The Complaint advances two sets of claims: (1) that plaintiff was deprived of property interests in the full-time position and the part-time position without due process of law as guaranteed by the Fourteenth Amendment of the United States Constitution and Article 1, Section 6 of the New York State Constitution; and (2) that plaintiff was deprived of his right to equal protection of the laws as guaranteed by the Fourteenth Amendment and Article 1, Section 11 of the New York State Constitution. As a ground for the equal protection claims, plaintiff asserts that defendants' failure to provide sufficient notice of termination and an impartial pre-termination hearing was arbitrary, unreasonable and capricious.
Defendants contend that summary judgment should be granted and that the Complaint should be dismissed. They argue that plaintiff does not have a constitutionally protected interest in continued employment in the full-time position because the full-time position was abolished in accordance with state law. In addition, although defendants concede that plaintiff had a property interest in the part-time position, they argue that they did not violate plaintiff's rights therein. In the alternative, defendants contend that summary judgment should be granted in favor of the individual members of the Board under the doctrine of qualified immunity.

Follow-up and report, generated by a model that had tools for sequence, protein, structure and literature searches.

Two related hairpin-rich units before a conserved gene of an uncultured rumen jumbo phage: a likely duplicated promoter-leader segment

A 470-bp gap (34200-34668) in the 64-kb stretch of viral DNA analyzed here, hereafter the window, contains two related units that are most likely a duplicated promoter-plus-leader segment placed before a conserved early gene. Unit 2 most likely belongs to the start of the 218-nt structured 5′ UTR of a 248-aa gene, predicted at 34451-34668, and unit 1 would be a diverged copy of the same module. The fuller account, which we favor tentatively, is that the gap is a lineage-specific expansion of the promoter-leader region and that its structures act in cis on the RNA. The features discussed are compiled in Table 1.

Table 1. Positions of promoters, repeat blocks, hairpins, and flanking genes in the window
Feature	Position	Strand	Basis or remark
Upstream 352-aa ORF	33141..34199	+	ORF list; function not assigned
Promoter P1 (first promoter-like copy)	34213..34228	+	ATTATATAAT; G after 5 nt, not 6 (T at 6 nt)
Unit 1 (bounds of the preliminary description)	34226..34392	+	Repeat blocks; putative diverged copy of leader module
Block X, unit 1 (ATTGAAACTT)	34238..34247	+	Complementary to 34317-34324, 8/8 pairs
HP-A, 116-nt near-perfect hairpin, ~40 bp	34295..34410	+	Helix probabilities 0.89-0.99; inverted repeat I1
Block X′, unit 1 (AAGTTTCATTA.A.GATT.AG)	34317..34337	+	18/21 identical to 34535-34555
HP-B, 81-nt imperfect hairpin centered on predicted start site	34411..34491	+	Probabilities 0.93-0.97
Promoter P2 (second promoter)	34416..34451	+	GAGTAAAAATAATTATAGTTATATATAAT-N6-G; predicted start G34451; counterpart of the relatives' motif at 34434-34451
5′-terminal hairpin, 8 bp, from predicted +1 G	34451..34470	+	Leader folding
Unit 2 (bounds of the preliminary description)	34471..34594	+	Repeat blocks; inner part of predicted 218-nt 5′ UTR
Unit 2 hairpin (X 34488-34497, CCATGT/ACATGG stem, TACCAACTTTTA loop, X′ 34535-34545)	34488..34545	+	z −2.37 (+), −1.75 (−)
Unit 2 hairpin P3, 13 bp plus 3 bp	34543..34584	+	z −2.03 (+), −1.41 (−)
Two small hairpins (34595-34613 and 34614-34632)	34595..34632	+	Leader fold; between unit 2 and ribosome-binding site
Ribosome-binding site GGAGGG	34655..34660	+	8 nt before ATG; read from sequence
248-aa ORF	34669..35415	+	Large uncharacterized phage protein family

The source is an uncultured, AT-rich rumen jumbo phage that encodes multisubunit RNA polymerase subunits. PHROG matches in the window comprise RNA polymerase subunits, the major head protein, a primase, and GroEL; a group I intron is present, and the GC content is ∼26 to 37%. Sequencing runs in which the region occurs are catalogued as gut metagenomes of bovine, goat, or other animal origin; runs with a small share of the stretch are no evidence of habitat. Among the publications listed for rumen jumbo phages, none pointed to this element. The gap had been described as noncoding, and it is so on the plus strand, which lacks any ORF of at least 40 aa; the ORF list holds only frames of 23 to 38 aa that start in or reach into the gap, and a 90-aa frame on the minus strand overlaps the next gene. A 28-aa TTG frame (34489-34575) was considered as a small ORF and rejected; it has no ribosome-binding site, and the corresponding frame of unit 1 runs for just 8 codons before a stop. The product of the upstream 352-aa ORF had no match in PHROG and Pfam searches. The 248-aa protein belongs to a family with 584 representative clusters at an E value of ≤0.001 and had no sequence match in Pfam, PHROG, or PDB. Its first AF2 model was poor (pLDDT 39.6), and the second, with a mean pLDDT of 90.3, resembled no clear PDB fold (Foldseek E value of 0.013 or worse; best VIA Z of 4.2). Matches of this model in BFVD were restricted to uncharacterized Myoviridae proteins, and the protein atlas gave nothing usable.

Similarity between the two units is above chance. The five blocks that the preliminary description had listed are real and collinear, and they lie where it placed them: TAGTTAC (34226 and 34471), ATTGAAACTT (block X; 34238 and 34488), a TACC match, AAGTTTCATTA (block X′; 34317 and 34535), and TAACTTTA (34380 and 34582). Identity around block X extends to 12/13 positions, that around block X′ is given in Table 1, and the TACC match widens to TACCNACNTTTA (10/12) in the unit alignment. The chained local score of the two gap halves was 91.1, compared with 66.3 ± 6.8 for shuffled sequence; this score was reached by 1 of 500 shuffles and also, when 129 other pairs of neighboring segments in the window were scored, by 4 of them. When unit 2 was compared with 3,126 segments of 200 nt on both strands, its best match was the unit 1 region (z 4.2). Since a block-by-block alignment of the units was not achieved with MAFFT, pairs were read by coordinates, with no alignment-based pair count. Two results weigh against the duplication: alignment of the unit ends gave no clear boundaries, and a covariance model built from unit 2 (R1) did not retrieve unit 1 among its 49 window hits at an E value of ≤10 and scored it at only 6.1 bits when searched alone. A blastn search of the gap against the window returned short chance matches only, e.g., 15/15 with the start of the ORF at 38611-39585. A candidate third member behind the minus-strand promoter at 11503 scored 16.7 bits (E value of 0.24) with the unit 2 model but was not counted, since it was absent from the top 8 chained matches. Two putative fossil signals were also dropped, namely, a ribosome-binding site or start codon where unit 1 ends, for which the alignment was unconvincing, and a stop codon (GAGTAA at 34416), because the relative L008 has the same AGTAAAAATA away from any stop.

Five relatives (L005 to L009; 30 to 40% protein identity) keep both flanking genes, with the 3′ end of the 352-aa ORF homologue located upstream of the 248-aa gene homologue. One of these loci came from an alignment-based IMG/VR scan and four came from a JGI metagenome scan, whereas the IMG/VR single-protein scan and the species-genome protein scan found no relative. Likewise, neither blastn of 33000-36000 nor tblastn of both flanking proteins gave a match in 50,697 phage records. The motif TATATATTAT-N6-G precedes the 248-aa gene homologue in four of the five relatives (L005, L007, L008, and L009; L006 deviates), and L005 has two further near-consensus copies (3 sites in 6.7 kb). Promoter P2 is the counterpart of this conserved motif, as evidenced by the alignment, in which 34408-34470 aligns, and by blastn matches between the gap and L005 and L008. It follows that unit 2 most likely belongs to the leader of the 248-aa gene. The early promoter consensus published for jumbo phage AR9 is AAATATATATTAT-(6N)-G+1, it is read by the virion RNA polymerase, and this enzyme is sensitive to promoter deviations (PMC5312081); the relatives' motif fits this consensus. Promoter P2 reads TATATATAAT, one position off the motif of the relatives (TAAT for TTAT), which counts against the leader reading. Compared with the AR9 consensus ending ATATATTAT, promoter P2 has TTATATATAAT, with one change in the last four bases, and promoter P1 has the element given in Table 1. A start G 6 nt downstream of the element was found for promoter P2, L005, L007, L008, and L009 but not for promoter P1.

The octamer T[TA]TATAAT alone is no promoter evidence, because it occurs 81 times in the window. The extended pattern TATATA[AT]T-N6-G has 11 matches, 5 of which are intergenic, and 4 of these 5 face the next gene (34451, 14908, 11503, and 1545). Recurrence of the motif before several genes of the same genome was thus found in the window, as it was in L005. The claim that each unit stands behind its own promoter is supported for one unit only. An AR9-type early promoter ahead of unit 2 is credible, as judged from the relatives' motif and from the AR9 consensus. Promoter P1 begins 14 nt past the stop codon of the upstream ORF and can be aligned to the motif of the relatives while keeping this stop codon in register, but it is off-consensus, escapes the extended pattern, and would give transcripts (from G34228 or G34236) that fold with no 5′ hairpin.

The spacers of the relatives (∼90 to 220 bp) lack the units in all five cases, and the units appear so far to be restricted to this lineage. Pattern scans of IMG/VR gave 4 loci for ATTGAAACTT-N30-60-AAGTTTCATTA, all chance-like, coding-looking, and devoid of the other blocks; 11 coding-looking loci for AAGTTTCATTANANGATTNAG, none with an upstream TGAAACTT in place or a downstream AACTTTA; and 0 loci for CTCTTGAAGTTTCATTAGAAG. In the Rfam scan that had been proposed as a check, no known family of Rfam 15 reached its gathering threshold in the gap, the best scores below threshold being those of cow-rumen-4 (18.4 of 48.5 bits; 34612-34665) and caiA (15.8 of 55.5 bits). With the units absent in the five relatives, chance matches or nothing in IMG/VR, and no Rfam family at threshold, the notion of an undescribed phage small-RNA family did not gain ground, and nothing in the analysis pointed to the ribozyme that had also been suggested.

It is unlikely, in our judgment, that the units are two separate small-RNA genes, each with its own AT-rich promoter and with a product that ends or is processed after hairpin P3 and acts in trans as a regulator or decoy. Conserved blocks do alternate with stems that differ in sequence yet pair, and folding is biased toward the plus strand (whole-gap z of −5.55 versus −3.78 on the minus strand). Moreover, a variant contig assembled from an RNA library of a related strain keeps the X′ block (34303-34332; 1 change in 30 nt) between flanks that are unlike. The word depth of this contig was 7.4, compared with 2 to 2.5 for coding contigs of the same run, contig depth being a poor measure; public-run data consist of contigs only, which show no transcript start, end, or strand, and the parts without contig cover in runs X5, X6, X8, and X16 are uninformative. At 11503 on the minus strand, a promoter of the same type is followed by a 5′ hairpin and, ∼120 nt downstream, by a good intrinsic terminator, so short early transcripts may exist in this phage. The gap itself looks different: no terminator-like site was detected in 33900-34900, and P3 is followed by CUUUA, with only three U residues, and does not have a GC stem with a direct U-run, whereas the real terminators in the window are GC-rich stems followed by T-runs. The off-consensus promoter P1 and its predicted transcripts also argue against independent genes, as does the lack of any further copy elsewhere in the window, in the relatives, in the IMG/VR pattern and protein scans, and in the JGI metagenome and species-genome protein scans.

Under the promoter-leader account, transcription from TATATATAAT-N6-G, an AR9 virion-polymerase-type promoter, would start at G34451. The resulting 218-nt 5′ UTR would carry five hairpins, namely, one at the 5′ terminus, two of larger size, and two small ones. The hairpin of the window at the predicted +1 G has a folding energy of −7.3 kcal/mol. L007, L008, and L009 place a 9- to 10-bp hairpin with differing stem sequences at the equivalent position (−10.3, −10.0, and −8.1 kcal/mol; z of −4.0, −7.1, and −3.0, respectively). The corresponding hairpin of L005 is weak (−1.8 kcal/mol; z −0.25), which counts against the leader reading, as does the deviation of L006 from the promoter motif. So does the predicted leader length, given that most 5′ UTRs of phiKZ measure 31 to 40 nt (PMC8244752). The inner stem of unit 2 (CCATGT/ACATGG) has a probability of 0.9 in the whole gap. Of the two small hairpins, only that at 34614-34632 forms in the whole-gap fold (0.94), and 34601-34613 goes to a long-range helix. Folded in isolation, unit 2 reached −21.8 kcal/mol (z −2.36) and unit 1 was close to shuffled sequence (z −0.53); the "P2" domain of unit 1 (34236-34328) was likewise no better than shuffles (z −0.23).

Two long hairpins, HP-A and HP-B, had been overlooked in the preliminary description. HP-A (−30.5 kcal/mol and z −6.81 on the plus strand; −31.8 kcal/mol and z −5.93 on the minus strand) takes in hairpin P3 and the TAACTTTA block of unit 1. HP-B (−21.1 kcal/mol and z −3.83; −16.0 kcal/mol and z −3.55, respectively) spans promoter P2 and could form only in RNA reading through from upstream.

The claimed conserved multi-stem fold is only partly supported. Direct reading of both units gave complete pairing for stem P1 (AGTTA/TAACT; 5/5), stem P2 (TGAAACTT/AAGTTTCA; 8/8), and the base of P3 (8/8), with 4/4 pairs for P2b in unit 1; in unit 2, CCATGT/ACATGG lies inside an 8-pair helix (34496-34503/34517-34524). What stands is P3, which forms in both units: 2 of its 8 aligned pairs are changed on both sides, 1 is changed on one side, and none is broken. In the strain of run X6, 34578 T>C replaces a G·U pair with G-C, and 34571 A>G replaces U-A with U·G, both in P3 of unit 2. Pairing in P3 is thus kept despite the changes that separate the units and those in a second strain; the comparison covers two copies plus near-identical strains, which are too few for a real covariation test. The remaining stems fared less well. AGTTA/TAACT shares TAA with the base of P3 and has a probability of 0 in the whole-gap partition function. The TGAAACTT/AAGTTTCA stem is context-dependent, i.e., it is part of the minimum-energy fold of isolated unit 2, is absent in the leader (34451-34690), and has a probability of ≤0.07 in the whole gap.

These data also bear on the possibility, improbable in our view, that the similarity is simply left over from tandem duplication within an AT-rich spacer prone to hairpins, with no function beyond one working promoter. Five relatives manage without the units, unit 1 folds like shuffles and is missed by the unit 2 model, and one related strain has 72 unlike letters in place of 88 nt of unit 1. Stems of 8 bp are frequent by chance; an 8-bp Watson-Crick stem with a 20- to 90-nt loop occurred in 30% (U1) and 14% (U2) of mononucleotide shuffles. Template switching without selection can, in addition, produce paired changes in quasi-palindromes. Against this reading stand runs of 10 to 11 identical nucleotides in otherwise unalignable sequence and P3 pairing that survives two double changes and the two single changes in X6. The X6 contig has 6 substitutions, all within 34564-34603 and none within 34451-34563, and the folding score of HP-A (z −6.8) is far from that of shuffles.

In opposition to defendants' motion, plaintiff contends that the Board abolished the full-time position in order to rid the Village of Cifarelli and replace him with Fellman, and that defendants' stated reason -- economy -- was but a sham and pretext. Plaintiff asserts that the questions of whether the Board's stated reason was pretextual and whether the Village ...